RNOH joins major national genome study
The RNOH has joined the 100,000 Genomes Project. The Trust received the green light to start recruitment into this important national project earlier this month. The aim is to create a new genomic medicine service for the NHS and as such transforming the way people are cared for.
The project will provide an opportunity for patients to be offered a diagnosis where there wasn’t one before and, in time, will help to deliver more effective treatments.
The project will sequence 100,000 genomes from around 70,000 people, and the RNOH is recruiting patients for both the rare disease arm of the study as well as cancer. Since receiving the green light to recruit, the RNOH has recruited five cancer patients and one rare disease patient.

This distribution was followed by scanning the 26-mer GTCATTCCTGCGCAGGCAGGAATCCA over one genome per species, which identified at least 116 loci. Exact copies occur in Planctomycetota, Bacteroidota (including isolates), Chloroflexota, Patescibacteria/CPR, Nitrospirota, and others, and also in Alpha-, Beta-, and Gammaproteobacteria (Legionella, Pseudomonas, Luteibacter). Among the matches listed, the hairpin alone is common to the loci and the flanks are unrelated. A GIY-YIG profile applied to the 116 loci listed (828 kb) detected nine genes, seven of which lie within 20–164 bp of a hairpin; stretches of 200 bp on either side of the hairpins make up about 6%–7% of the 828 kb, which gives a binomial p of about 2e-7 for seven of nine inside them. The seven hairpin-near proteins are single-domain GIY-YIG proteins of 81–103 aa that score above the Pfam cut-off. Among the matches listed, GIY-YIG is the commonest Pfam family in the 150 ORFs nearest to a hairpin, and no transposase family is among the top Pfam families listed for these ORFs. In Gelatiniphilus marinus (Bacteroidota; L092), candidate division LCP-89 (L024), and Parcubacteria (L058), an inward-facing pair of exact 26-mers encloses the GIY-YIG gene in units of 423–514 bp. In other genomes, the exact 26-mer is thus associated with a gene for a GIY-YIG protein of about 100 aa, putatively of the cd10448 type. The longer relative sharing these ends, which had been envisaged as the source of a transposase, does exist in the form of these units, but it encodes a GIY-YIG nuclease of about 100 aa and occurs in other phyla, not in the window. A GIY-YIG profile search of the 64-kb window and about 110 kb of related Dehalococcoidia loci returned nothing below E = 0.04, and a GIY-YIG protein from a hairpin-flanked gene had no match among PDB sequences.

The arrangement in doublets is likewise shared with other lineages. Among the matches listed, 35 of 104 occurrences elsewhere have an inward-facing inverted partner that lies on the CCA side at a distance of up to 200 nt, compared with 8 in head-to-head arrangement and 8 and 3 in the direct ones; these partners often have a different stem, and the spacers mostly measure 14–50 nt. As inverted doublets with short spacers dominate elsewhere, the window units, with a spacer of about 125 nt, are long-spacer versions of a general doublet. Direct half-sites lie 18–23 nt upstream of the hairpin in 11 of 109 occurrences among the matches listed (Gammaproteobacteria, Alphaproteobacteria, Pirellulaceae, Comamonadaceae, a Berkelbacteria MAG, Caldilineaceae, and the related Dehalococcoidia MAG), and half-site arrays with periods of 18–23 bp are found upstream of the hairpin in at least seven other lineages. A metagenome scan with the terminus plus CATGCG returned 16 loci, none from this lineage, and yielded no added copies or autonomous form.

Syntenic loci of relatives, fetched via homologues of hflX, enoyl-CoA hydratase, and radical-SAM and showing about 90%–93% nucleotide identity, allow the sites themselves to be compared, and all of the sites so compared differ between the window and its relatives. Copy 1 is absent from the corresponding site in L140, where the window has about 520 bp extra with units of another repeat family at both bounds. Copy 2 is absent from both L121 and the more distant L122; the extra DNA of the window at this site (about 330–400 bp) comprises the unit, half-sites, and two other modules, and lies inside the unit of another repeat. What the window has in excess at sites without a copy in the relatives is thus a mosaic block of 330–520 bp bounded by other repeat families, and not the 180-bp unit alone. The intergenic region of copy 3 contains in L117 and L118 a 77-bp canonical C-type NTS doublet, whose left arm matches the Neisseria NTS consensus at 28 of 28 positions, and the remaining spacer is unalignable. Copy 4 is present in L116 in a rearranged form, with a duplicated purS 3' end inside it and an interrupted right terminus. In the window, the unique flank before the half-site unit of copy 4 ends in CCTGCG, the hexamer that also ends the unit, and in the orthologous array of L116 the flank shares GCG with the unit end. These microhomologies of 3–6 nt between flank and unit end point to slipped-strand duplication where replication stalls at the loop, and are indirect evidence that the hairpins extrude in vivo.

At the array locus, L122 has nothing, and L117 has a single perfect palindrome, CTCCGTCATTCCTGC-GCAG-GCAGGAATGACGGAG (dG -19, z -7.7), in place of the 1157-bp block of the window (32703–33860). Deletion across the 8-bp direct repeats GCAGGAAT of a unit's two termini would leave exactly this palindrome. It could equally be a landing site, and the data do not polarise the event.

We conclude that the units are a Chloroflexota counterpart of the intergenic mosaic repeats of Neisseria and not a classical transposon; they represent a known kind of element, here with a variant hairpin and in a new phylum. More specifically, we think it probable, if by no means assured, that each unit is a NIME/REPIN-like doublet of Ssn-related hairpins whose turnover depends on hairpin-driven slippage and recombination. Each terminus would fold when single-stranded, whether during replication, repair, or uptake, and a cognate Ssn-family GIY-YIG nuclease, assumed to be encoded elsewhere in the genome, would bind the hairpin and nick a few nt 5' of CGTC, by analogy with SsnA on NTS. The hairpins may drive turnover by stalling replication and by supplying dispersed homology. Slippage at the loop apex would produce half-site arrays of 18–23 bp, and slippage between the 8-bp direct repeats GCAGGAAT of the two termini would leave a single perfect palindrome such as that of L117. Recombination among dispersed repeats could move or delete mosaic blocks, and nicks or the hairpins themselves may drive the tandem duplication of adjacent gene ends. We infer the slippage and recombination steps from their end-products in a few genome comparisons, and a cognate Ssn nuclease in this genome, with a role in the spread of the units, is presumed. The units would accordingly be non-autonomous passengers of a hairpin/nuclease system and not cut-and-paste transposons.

Professor Flanagan, Head of Department of Pathology at the UCL Cancer Institute and clinical lead for histopathology at the RNOH, stressed the importance of the project: '"The 100,000 genomes project will transform the care that patients receive in the NHS. This transformation project will allow the accelerated introduction of a more personalised treatment of disease."
If you would like to know more about the project you can find more information on the 100,000 Genomes Project website.